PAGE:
January 07, 2004

John Burns

More fair play from the best journalist the NYT has got on its payroll:

"The new battalion made a creditable showing with a precision marchpast in camouflage uniforms self-consciously different from those of both Mr. Hussein's army and the Americans': British-style berets and badges of rank and other insignia that go back to the first Iraqi republic, which was established in 1958 by the military coup that overthrew and killed King Faisal II. The badges have been stripped of the Baathist tracery that slipped in under Mr. Hussein.

A poignant but somewhat inauthentic air echoed in the discordant strains of the new army's marching band, especially when it played tunes borrowed from the country's occupiers, like "Colonel Bogey" and "The British Grenadier," which harks back to Napoleonic wars.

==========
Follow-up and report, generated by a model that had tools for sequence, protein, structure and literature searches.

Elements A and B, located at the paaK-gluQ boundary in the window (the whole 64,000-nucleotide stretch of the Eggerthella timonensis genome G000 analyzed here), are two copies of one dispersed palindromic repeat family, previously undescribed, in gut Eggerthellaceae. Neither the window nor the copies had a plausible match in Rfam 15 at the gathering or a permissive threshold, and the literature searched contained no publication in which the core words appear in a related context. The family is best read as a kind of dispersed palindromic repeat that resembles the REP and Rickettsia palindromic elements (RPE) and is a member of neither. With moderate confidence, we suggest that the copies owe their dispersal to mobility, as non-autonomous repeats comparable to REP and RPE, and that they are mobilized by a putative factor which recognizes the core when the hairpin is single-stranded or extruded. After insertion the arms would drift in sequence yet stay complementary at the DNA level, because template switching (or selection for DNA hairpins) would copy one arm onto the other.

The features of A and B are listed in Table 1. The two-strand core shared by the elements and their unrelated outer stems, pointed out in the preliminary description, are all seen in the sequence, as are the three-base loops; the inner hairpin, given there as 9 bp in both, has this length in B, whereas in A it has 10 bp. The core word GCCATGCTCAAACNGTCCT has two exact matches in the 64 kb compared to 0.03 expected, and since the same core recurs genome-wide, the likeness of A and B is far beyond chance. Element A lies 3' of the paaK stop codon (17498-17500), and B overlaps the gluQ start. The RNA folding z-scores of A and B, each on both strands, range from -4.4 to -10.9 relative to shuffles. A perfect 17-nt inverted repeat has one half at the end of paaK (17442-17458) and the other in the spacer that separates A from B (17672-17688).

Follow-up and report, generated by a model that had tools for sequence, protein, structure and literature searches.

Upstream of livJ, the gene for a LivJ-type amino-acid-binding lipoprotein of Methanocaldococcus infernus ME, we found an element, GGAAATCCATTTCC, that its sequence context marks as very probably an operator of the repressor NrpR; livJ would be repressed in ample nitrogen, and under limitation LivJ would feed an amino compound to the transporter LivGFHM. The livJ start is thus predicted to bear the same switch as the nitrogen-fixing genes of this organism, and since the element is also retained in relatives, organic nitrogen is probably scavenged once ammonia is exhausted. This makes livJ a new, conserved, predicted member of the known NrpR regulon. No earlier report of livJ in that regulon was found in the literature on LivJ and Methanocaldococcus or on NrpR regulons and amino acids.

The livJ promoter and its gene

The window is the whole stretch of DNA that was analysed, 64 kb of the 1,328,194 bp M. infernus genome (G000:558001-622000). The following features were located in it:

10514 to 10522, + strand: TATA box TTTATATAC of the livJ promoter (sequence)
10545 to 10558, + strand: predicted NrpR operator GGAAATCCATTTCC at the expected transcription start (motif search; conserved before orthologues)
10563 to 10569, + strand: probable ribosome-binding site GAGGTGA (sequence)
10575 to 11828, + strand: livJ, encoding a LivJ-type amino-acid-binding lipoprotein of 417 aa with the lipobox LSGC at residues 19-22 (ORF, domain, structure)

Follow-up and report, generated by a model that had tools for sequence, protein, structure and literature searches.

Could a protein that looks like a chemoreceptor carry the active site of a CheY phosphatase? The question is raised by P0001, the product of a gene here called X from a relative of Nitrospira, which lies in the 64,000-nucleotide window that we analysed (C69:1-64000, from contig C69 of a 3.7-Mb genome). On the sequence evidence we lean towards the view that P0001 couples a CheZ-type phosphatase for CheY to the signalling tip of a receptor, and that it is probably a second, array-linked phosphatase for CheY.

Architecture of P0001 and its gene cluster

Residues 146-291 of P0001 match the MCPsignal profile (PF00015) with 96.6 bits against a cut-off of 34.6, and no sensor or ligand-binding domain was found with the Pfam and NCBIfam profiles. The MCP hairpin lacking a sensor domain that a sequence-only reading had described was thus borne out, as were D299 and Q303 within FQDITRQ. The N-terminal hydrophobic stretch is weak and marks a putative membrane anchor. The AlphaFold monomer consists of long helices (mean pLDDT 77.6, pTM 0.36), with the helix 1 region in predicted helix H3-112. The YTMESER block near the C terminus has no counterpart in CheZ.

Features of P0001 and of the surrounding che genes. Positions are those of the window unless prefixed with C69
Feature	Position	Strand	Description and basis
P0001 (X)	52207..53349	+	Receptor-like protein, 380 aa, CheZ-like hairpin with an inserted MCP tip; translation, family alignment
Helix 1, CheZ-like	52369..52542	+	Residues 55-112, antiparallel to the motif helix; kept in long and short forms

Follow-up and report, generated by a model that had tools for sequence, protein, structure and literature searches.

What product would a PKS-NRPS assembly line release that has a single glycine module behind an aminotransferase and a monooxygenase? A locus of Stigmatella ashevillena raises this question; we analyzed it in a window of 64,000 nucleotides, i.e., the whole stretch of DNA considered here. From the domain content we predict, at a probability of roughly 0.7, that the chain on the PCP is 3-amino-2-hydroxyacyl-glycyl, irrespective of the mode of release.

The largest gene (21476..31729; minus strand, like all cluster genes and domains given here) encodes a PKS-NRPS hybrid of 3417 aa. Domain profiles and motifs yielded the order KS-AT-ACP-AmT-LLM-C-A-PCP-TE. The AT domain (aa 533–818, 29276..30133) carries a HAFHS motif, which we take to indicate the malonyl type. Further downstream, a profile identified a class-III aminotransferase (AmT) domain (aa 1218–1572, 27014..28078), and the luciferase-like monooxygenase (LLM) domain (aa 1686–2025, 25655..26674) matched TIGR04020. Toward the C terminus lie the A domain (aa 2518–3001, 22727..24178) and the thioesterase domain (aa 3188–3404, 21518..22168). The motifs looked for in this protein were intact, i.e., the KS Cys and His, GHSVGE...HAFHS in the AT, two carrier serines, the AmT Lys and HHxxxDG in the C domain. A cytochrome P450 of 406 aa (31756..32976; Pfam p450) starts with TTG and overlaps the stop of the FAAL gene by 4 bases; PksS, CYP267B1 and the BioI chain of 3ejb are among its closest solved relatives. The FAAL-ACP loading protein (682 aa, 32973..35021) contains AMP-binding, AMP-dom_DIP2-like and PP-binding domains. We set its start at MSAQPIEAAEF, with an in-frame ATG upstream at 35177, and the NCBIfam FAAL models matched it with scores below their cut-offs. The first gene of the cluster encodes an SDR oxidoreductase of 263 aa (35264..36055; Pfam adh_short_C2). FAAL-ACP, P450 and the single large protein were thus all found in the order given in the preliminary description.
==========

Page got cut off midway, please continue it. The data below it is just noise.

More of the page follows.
But the Iraqis on hand cheered up when the band shifted to "The Army Is a Fence for the Country," a tune that originated under the first military ruler, Abdul Karim Kassem, and remained in vogue under Mr. Hussein.

Through the parade and the soldiers' exuberant tribal dancing that followed, there was an air of expectancy, hesitant but still real, that Iraq can overcome the paralyzing insurgency of recent months and construct the Arab Middle East's first, or at least fullest, democracy." [emphasis added]

Posted by Gregory at January 7, 2004 11:19 AM
Comments
Reviews of Belgravia Dispatch
"Awake"
--New York Times
"Must-read list"
--Washington Times
"Always Thoughtful"
--Glenn Reynolds, Instapundit
"Pompous Ass"
--an anonymous blogospheric commenter
Recent Entries
Search
English Language Media
Foreign Affairs Commentariat
Non-English Language Press
U.S. Blogs
Western Europe
France
United Kingdom
Germany
Italy
Netherlands
Spain
Central and Eastern Europe
CIS/FSU
Russia
Armenia
East Asia
China
Japan
South Korea
Middle East
Egypt
Israel
Lebanon
Syria
Columnists
Think Tanks
Security
Books
B.D. In the Press
Archives
Categories
Syndicate this site:
XML RSS RDF

G2E

Powered by